"Taking responses to that consultation into account, the council made clear it would then publish a more detailed set of proposals under what is called a Regulation 18b consultation.
"Following that, a final draft would be subject to a Regulation 19 consultation. This council has missed out the second consultation, effectively presenting residents with a 'fait accompli' and only six weeks to comment.”
Faversham MPHelen Whately has also written to Swale council’s leader calling for a rethink on proposals to allocate space for almost 3,500 extra homes in the east of the borough.
She says she is “seriously worried” about the future of the market town and believes there is a “totally disproportionate” focus in pinning more homes on Faversham rather than evenly distributing new properties across Swale.
She also criticised the six-week consultation period saying it was too short for residents to fully engage with the process.
Gordon Henderson, MP forSittingbourne and Sheppey, said: “Sittingbourne and Sheppey over the last two or three decades has taken more than its fair share of housing that Swale has had to agree to.
“I agree Swale’s housing target is still too high and I will continue to lobby government to reduce it. But if I don’t succeed, I believe the bulk of any new housing development should go to the east part of Swale."
Swale has been told to add 10,000 homes to its Local Plan - the blueprint for development over the next 18 years.
The council has chosen to allocate an extra 3,420 homes to Faversham. An additional 1,400 are planned for Sheppey and 1,050 in Sittingbourne. About 2,000 other homes will be built on ‘windfall sites’ not yet identified.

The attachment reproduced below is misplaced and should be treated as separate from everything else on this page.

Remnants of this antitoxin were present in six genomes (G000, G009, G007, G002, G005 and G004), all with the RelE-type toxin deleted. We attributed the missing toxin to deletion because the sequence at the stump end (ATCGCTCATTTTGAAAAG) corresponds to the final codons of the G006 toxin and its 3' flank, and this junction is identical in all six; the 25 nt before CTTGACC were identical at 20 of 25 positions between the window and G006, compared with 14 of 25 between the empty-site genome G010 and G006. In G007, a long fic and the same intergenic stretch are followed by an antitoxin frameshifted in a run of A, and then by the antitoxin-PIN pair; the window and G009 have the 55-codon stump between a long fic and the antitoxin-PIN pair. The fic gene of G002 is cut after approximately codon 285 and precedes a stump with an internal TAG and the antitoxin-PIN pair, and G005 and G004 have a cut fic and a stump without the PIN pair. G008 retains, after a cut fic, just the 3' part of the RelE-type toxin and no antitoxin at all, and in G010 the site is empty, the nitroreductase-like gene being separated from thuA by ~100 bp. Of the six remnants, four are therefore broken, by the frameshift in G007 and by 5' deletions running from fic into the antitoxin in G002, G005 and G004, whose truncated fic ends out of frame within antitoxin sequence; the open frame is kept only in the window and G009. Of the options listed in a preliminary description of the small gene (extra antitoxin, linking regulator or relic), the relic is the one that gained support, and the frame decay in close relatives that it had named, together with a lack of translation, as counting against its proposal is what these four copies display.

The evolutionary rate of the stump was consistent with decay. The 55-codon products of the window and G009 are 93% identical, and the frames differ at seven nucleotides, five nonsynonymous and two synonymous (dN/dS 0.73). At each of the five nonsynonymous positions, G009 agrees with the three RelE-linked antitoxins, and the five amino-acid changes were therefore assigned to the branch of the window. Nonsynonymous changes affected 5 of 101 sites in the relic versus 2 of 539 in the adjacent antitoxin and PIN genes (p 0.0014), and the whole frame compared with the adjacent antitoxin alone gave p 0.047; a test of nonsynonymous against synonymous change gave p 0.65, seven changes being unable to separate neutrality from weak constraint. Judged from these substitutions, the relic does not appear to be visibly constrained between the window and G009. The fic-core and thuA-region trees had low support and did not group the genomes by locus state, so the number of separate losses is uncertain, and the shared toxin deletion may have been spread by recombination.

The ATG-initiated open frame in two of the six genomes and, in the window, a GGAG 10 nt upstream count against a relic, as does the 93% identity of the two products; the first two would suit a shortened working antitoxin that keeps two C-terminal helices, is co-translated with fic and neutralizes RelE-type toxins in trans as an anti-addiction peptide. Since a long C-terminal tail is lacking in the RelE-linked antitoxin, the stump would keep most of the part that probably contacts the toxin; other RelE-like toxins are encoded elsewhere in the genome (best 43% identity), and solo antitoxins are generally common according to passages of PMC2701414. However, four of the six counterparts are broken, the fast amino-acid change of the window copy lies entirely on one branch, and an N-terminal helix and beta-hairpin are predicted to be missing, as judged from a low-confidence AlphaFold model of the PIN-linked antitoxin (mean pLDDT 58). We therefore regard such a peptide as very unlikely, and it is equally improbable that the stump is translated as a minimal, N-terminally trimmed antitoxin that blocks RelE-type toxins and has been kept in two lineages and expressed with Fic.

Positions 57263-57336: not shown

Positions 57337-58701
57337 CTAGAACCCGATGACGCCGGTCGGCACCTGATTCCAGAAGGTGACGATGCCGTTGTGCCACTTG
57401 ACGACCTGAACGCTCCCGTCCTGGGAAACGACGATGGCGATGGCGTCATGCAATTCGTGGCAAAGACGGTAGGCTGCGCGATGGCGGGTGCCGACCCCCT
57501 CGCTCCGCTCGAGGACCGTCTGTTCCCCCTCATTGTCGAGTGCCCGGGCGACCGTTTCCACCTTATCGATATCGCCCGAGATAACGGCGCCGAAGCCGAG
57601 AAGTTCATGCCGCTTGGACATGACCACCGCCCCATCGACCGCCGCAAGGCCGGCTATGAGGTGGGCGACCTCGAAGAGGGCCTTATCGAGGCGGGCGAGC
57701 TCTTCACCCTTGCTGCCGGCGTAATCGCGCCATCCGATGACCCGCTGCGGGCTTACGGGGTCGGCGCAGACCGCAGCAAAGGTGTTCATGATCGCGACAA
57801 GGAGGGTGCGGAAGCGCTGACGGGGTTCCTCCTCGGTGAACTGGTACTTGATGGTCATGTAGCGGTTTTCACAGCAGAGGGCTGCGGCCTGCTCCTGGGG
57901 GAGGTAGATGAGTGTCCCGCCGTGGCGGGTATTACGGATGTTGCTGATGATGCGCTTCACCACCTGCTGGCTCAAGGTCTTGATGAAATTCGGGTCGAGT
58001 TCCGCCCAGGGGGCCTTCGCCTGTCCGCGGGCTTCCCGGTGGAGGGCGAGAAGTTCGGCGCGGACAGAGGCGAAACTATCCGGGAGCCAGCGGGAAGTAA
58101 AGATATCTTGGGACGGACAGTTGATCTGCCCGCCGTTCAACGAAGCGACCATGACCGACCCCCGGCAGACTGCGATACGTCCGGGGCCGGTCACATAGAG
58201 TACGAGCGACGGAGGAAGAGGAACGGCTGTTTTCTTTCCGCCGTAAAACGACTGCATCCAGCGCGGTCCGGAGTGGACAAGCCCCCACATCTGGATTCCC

The council's deputy leader Cllr Mike Baldock (Swale Independents Alliance, Borden and Grove Park) said: "In the last Local Plan, 85% of the housing was allocation was in Sittingbourne and Sheppey. With this review we need to balance it out. Overall, Faversham is still getting less than Sittingbourne.”
He added: "Our MPs both say they don't want any houses in their area but what have they actually done to challenge their own Government to get these targets lowered? Putting these houses in est Faversham will put more pressure on the Government to carry out improvements at Brenley Corner (at the end of the M2)."
He insisted the six-week period was legal.
He said: “If Swale decides to put more housing in Sittingbourne and Sheppey, I would like to see that built south of the A2. Communities north of the A2, including Sheppey, Murston and so on, have taken the brunt of past development and should be protected from any more.”
Cllr Truelove was asked for a comment.